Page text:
A battle has been raging between two factions—the vegetarians vs. the meat eaters. Both sides claim with passion and ferocity that their dietary principles represent the natural order of consumption.
But what is the ultimate truth? Are humans by nature herbivores, meant to consume plant life for nutrition, or are our predatory instincts the norm for a primarily carnivorous diet?
Most of humanity munches away on whatever they want, without much concern about the evolutionary aspects of eating greens or red meat. But there are some biological characteristics that determine what we can and should consume.
The Guts of the Matter
A look at other animals provides us with some interesting insights. Cats, for example, typically have intestines that are only 3½ times their body length. True carnivores rarely have intestines exceeding body length by more than 6 times.
Compare that with milk cows, whose bovine digestive tracts measure 20 times their body lengths. Most herbivores do not have intestines shorter than 10 times body length.
Clearly, carnivores have intestines that are adapted to quick processing and disposal of flesh, hence the shorter length. A grass-eating herbivore will generally have longer intestines, as well as specialized sacs for optimal absorption and effective processing of plant cellulose.
As for us humans, we have intestines that are around 8 times our body length. That’s roughly midway between confirmed meat-eaters at one end and strict vegetarians at the other.
Common and Uncommon Traits
But there are other factors to consider. Jaw shapes and the existence of flat molars suggest that humans are akin to herbivores, as does alkaline saliva compared to the acidic saliva of most carnivores.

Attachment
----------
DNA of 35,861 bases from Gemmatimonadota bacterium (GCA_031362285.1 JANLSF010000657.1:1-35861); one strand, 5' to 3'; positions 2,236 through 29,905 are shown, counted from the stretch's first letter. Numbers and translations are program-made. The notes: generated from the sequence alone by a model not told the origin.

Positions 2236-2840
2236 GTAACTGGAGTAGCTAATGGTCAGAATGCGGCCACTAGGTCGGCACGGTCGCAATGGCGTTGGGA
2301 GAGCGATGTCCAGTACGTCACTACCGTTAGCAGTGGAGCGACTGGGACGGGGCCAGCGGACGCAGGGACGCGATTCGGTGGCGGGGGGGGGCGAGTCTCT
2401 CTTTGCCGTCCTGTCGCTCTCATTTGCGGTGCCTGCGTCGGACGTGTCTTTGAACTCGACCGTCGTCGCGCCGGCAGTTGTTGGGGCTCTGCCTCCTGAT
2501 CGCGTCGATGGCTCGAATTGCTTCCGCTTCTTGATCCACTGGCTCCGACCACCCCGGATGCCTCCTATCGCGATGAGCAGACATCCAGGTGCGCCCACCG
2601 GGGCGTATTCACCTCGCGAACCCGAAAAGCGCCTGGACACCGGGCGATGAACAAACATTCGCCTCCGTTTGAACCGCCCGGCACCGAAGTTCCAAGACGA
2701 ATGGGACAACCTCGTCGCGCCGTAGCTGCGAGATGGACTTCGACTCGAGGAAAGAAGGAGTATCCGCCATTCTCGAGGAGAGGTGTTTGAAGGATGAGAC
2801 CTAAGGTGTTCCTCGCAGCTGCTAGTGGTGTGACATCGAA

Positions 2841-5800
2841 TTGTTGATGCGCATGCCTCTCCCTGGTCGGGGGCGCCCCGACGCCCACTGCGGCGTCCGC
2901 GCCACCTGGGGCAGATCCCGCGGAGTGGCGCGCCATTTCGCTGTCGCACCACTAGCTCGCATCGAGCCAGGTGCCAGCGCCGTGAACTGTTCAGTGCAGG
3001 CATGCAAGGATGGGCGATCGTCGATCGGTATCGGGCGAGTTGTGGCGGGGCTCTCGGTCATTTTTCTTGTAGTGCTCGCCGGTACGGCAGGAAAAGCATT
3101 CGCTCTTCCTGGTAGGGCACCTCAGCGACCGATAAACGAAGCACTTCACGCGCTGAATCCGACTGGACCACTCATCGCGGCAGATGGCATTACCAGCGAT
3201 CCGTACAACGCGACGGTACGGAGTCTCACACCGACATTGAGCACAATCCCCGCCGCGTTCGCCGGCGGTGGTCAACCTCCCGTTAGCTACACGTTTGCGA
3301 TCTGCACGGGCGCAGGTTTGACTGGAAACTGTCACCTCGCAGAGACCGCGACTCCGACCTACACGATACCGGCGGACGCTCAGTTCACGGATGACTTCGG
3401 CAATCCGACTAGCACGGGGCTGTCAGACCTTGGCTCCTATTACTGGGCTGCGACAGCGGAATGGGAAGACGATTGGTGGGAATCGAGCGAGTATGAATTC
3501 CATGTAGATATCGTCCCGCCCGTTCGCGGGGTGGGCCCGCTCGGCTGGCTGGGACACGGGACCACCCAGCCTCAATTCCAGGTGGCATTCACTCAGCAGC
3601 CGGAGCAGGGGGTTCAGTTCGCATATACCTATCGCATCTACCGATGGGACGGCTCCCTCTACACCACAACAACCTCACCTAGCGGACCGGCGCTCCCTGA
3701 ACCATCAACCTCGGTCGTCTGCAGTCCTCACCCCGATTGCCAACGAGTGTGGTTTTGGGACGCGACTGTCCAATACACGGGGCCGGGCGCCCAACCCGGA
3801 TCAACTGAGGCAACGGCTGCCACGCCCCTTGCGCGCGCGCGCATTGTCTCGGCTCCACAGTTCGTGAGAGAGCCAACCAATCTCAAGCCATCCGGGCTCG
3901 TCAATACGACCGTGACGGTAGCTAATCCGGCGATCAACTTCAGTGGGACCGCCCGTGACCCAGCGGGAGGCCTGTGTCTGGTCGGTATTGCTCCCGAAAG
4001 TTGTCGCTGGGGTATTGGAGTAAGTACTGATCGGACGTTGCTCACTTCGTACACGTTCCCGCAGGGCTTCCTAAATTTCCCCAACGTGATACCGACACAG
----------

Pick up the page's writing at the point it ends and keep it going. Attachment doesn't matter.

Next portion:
However, the presence of human “canine teeth” suited for ripping and tearing flesh might suggest a closer relationship to animals that eat their kill. Our single-chamber stomachs resemble those of carnivores, too, unlike the multiple chambers common among herbivores.
Many say all of this evidence supports the possibility that humans are natural omnivores—an offshoot of our ancestor’s opportunistic and diverse dietary habits. But omnivores usually have large mouth openings relative to head size, they hyperventilate to cool down rather than perspire, and many have claws in contrast to our short, flattened nails.
Our Evolving Diet
Vegetarians stand by their conviction that we humans were practically built for a no-meat diet. They say we have acquired an unnatural carnivorous diet with negative consequences. They point to the emergence of heart disease and certain cancers that have been scientifically attributed to the growing consumption of meaty fast foods and juicy steaks.
Evolutionary research indicates that we probably started off as frugivores (fruit-eaters). The Australopithecines, predecessors of Homo erectus, had an almost exclusive diet of prehistoric fruits.
Our Neanderthal ancestors, on the other hand, were apparently pioneers in the acquisition of meat as a dietary staple. The shift in eating habits might have been crucial to the survival of their species. It grew out of need, not nature.
A New Theory Emerges
The most recent theory holds that we are, in fact, neither carnivores or true ominvores. We are herbivores that can eat like carnivores, so we do.
Flash forward to the present day and the question remains—should we eat meats or beets? The answer might still be found in our habitually opportunistic eating behaviors.
We rely on the current contents of the supermarket shelves and of our fridges to guide our choices. We allow our cultures, and what’s readily available, to define us. We eat what we choose, not necessarily what’s best for us.
Cavemen ate meat to survive. Must we, too?
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